If you're in Quebec, the Vieux Quebec area is magical, old world and wonderful. I could stay there forever, I think. But we didn't see a tenth of the city. If your visit is short, limit your choices but if you have a longer time, get outside your residential area and see a little more.

And, say you're not in a walled city -- then what? Well, get out of your familiar neighborhood, take the bus or the Metro or the Tube and check out another area. Why not? You may only be there once.

Brush Up on Your History

If you are headed to Quebec or many European countries, you may not be familiar with their history and the names you hear may mean little to you. My knowledge of French  Canadian history, for example, came courtesy of "Bury You Dead," a Louise Penny mystery into which explorer Samuel de Champlain played a major (albeit posthumous) role. And we all know how history and fiction can get mixed up in our minds! I'm not saying you have to be a scholar, but your experience will be a bit richer if you have a bit of a head start!

Pace Yourself!

There is nothing worse than being on holiday and trying to do it all -- and then the next day you can hardly move or you're really wiped out -- and there is still loads to do! Of course you want to make the most of your time but those places will be there should you love them enough to return.

I tend to favor not being with a tour group as it gives me time to make my own choices and my own timetable.  More than once I've heard someone say "we only had fifteen minutes to shop before we had to go back to the bus." Sometimes (and some places) that's the only way to go, but I heartily recommend giving a try to going alone, maybe booking a tour for a special place that might be out of your zone.

There's something nice about a leisurely lunch in a cafe or taking a long time in a store that appeals to you or simply sitting and enjoying the scene. If you do your homework, you may well discover that this is the way to go!

Most of all, Have Fun!

That's what travel is all about. Meeting new people (we met a couple at our B&B from Cleveland where my family is and it turned out their son dated my cousin's daughter in high school!), chatting with your B&B host or waiters, trying a new local food or making a new discovery is part of what travel is about for me!

Thanks for joining me on this recap! I hope you'll give Quebec City a thought when planning an exciting holiday!


Mae Travels said...

That's a great and useful list! Quite a few of the suggestions are good for any visit, not just the one example. Walking-appropriate shoes: ALWAYS! Checking out cheaper ways to see the same things, like a ferry ride rather than a pricy tour: ALWAYS! Trying the local language: Mostly. Figuring out public transportation: YES!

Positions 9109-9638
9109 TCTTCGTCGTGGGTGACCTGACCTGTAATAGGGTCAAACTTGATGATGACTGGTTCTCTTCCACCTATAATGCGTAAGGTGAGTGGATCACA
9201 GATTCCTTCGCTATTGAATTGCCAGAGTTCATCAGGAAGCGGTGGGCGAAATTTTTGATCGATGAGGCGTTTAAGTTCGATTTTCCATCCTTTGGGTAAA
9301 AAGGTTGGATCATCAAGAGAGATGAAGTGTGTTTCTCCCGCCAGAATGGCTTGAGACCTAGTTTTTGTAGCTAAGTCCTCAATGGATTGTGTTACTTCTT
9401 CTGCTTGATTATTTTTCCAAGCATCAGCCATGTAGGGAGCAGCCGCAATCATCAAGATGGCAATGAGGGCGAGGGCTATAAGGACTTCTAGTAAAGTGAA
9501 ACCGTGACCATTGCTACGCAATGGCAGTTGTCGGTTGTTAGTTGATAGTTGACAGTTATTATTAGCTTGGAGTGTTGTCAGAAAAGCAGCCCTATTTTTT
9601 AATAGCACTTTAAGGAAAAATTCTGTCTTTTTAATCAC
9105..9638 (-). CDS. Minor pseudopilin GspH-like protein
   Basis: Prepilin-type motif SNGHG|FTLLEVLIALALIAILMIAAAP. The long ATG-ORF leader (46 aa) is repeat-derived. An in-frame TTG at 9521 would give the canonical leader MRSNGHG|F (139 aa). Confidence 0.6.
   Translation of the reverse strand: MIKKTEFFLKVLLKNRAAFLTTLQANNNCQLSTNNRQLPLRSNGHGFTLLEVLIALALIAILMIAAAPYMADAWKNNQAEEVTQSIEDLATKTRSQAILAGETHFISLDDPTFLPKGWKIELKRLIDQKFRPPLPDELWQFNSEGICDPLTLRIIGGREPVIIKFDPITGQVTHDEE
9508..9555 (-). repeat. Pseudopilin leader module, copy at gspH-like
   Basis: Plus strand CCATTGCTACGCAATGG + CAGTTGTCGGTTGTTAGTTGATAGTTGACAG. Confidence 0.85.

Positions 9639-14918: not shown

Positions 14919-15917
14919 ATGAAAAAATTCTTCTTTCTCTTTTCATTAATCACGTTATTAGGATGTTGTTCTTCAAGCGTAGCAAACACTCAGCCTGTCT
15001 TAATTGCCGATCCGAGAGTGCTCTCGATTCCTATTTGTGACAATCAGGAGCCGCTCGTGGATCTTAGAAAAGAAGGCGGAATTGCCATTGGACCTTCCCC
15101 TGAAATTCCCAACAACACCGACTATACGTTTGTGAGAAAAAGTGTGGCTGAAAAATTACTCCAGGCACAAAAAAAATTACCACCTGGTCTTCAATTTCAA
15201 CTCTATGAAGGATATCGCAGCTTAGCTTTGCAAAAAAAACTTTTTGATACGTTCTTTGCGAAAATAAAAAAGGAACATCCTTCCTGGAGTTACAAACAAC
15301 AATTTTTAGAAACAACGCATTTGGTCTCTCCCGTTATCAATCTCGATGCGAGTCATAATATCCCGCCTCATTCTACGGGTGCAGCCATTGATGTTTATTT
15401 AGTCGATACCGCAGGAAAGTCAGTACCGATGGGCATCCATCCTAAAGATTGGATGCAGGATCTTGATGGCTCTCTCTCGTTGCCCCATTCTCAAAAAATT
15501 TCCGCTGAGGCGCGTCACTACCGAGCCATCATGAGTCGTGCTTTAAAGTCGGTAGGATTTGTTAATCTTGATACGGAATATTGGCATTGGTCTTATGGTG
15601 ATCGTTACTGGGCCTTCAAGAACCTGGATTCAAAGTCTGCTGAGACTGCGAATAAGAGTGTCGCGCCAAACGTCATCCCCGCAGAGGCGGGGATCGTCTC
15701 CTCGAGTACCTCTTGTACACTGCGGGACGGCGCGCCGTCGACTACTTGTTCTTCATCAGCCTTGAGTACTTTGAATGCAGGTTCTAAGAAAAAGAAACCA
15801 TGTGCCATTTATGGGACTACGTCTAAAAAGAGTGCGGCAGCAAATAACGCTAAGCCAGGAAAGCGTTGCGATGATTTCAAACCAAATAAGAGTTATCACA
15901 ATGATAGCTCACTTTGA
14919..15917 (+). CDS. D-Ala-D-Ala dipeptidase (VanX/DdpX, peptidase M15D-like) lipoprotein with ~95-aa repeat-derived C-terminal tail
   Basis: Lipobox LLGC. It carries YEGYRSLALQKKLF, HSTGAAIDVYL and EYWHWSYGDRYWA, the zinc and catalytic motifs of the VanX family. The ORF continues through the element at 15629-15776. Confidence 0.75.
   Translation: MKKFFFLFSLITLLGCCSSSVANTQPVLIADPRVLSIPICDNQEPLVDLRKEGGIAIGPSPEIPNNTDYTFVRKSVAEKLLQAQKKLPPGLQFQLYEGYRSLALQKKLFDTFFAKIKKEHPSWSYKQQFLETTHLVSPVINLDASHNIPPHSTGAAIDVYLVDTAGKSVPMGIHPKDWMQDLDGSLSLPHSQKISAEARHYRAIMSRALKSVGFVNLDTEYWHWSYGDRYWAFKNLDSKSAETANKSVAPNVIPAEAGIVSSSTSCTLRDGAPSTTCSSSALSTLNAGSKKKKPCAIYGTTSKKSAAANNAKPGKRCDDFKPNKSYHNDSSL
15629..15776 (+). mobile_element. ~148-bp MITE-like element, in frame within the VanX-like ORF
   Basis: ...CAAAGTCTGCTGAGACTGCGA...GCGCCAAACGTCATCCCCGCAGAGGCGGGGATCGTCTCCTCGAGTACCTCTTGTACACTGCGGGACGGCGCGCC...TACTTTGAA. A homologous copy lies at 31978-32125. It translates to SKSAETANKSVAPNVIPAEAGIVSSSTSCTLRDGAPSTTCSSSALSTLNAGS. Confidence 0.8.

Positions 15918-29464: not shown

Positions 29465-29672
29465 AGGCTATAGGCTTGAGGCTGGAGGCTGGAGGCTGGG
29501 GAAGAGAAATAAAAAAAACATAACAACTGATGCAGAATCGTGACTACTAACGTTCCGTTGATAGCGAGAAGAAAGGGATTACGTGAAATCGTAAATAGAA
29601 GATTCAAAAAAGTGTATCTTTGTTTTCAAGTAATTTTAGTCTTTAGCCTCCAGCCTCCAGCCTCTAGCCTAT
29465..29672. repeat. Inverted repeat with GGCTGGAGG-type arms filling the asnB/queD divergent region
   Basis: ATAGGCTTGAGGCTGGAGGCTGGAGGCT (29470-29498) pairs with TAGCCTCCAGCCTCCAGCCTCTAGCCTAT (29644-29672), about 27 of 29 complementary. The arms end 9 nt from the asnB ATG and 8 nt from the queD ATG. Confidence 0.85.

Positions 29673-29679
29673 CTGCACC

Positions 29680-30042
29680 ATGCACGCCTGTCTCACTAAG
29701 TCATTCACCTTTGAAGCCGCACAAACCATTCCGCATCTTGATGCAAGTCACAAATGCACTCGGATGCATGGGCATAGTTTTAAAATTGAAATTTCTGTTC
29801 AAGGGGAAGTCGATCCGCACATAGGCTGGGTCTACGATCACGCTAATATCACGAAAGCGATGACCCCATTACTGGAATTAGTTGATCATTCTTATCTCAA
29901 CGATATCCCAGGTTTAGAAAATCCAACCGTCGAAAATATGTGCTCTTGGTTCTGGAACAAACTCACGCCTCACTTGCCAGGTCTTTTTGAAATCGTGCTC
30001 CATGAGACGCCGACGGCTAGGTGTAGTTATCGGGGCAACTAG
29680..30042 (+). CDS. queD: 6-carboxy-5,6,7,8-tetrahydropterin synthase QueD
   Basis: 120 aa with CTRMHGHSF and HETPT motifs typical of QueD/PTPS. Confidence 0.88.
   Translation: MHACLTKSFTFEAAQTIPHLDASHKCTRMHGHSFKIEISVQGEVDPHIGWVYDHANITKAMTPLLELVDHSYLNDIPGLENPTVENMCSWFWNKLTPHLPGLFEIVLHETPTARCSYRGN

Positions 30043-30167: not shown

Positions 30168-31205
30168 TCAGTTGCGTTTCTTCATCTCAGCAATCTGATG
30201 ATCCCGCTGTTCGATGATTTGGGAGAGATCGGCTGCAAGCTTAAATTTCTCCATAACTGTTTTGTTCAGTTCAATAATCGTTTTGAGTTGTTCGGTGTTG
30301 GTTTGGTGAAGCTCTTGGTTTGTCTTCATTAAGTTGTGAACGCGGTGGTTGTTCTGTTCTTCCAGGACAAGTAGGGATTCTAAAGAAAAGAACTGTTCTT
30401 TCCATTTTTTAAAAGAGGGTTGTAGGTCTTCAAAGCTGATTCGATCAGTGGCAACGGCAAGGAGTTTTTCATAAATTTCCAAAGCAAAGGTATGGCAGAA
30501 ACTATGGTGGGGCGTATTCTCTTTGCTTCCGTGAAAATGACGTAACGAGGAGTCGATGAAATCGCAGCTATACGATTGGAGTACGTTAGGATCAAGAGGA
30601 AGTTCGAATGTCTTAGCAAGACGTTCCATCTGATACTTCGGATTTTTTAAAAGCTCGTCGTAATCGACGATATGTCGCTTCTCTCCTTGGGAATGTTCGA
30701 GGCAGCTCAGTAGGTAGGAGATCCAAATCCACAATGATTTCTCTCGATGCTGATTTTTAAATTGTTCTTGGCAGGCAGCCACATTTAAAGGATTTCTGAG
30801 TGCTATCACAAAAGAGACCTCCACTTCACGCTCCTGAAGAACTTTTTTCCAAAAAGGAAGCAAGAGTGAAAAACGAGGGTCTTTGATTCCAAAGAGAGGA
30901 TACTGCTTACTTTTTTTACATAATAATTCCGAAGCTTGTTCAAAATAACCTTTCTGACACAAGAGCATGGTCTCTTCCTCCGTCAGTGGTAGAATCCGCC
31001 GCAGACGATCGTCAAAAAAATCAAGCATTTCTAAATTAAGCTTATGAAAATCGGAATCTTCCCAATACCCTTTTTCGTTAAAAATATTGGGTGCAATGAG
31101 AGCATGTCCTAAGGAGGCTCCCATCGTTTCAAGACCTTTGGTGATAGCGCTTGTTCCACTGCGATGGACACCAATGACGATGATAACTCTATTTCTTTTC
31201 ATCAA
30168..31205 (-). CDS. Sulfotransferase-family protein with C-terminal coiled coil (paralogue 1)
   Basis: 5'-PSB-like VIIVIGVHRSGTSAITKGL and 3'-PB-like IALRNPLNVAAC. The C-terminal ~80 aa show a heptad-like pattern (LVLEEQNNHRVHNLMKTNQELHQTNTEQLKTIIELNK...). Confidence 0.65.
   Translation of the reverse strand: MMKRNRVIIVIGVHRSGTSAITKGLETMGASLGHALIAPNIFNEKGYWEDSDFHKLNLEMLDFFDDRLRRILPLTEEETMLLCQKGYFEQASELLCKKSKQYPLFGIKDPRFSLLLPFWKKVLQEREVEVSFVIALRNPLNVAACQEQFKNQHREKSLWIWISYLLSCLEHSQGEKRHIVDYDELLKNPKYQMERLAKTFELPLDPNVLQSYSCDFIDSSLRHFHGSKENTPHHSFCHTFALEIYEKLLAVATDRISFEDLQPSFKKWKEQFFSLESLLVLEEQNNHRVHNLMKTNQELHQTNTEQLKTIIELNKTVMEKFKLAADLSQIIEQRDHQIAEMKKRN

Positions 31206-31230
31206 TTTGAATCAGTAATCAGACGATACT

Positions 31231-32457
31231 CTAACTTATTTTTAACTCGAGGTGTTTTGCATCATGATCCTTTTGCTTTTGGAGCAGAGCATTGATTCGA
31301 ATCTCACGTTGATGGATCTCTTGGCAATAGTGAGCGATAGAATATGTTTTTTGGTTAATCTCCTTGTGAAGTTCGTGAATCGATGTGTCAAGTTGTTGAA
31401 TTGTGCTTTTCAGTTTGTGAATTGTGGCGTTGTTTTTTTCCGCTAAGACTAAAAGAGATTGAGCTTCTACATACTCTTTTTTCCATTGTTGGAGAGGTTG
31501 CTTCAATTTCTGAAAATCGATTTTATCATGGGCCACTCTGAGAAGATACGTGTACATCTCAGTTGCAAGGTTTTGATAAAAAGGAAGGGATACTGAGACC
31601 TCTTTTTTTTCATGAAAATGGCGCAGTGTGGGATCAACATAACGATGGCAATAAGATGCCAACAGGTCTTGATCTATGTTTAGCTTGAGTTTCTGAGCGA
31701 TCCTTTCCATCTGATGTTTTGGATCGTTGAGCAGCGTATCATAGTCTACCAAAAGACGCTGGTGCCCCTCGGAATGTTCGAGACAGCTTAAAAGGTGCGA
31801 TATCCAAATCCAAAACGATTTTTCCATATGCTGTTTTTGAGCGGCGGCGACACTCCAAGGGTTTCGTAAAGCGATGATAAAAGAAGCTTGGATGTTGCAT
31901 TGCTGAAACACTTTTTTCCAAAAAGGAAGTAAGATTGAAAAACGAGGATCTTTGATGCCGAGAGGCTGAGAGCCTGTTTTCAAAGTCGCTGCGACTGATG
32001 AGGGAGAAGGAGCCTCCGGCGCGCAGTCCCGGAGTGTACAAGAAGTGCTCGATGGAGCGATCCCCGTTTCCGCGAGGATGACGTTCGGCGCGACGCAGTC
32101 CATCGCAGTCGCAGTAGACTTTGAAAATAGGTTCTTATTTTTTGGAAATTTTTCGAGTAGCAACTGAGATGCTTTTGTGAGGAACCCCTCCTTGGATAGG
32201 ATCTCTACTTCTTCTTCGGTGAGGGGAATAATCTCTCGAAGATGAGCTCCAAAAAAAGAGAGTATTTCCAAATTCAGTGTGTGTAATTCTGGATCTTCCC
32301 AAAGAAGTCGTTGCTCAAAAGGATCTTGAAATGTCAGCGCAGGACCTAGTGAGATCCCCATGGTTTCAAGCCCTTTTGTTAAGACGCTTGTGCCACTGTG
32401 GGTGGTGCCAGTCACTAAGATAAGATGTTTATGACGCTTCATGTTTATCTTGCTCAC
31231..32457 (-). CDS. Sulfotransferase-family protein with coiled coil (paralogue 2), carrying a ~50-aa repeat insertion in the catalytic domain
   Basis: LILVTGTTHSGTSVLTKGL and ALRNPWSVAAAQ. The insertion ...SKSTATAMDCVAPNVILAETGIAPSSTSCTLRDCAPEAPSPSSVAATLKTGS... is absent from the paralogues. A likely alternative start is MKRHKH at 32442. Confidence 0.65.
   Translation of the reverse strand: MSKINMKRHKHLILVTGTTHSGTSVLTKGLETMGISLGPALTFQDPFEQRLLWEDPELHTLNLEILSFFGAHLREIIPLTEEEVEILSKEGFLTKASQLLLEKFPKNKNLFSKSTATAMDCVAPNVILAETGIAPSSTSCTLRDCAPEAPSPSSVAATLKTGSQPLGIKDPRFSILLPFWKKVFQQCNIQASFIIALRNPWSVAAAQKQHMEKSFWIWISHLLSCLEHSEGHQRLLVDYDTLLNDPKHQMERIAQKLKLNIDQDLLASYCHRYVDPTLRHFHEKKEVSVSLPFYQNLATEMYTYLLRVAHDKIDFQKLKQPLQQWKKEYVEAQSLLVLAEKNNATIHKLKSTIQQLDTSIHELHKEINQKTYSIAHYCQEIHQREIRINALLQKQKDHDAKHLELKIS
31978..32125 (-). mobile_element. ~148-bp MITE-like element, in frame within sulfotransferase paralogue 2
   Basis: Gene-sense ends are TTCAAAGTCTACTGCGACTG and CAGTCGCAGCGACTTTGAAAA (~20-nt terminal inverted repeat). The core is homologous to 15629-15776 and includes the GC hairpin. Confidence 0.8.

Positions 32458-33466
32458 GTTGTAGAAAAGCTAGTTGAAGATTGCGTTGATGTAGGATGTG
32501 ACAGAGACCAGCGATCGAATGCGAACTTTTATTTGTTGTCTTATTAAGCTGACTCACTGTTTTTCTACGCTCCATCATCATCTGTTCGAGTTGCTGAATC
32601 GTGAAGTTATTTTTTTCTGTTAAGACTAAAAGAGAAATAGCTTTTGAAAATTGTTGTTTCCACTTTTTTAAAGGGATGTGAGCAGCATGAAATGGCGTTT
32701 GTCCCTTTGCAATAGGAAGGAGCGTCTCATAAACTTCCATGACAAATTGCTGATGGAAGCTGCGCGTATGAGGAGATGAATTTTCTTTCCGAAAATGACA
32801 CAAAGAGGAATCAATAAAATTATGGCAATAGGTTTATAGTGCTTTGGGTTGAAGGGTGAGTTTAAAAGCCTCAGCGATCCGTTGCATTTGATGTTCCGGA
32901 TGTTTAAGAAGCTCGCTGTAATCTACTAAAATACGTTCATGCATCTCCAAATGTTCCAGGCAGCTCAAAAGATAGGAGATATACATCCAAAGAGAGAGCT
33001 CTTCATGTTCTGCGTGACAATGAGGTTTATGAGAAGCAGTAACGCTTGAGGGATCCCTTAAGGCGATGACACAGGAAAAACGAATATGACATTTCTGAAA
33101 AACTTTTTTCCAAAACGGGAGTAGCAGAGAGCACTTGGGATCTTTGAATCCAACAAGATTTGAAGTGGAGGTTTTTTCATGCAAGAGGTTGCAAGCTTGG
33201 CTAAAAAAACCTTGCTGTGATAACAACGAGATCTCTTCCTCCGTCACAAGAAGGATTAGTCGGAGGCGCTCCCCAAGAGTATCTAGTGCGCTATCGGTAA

I find that it's not worth worrying about the credit card charges: at least in my recent past they have been pretty nominal, and the convenience is worth it.

The idea about skipping museums is really a good one for small cities. Especially where you find a lively art scene, the museums can be pretty boring. (Maybe not so much for other places, say, Paris!)

best... mae at maefood.blogspot.com

Joanne Huffman said...

Very good advice. Comfort is a tourist's friend.

Linda @ A La Carte said...

Life has been so crazy I have 'saved' all your posts to enjoy soon. I think this is all great advice and much like the way I prepared for my Paris trip. I told my daughter that Quebec is my next bucket list trip! Hugs!

Sandra Cox said...

These are great tips! Thanks, Jeanie. I'm so glad you had such a wonderful time. After reading your posts, Quebec really intrigues me.

Valerie-Jael said...

What a wonderful trip you had, thanks for the travel tips! Hugs, Valerie
And I always wear comfy shoes!

Marilyn Miller said...

Great tips! Love the piece of art. I brought home a print on our last trip and loving it. I love traveling independent, but then maybe find a day tour for some things. It works very well. Comfy shoes for sure! Then I pack my slip on flats because they don't take much room and might put them on just for a special dinner. I am finding as I get older to travel lighter and lighter, so I don't have the hassle of heavy suitcases.

Katie Clooney said...

Jeanie - another fun-filled post! My favorite tip is: practice walking together. The Mister and I need to put time into that one - he is usually 12 steps ahead of me. Even the people that work with him say he walks fast! It has NOTHING to do with my short chubby legs!! Love all your pics.

Joyful said...

Wonderful tips Jeanie. I think practicing walking is a good one too because one doesn't think of such things. If you don't generally walk up hills it best to practice and gain stamina.

Carola Bartz said...

I think these are tips that go for any travel, no matter where you go. I've traveled all over the world, and one of the tips I think is the most important is to learn a few words in the language of the country you want to visit. I did this even with countries like Egypt and Israel (and am quite happy that I know to say a few things in both Arabic and Hebrew) and it was a real door-opener.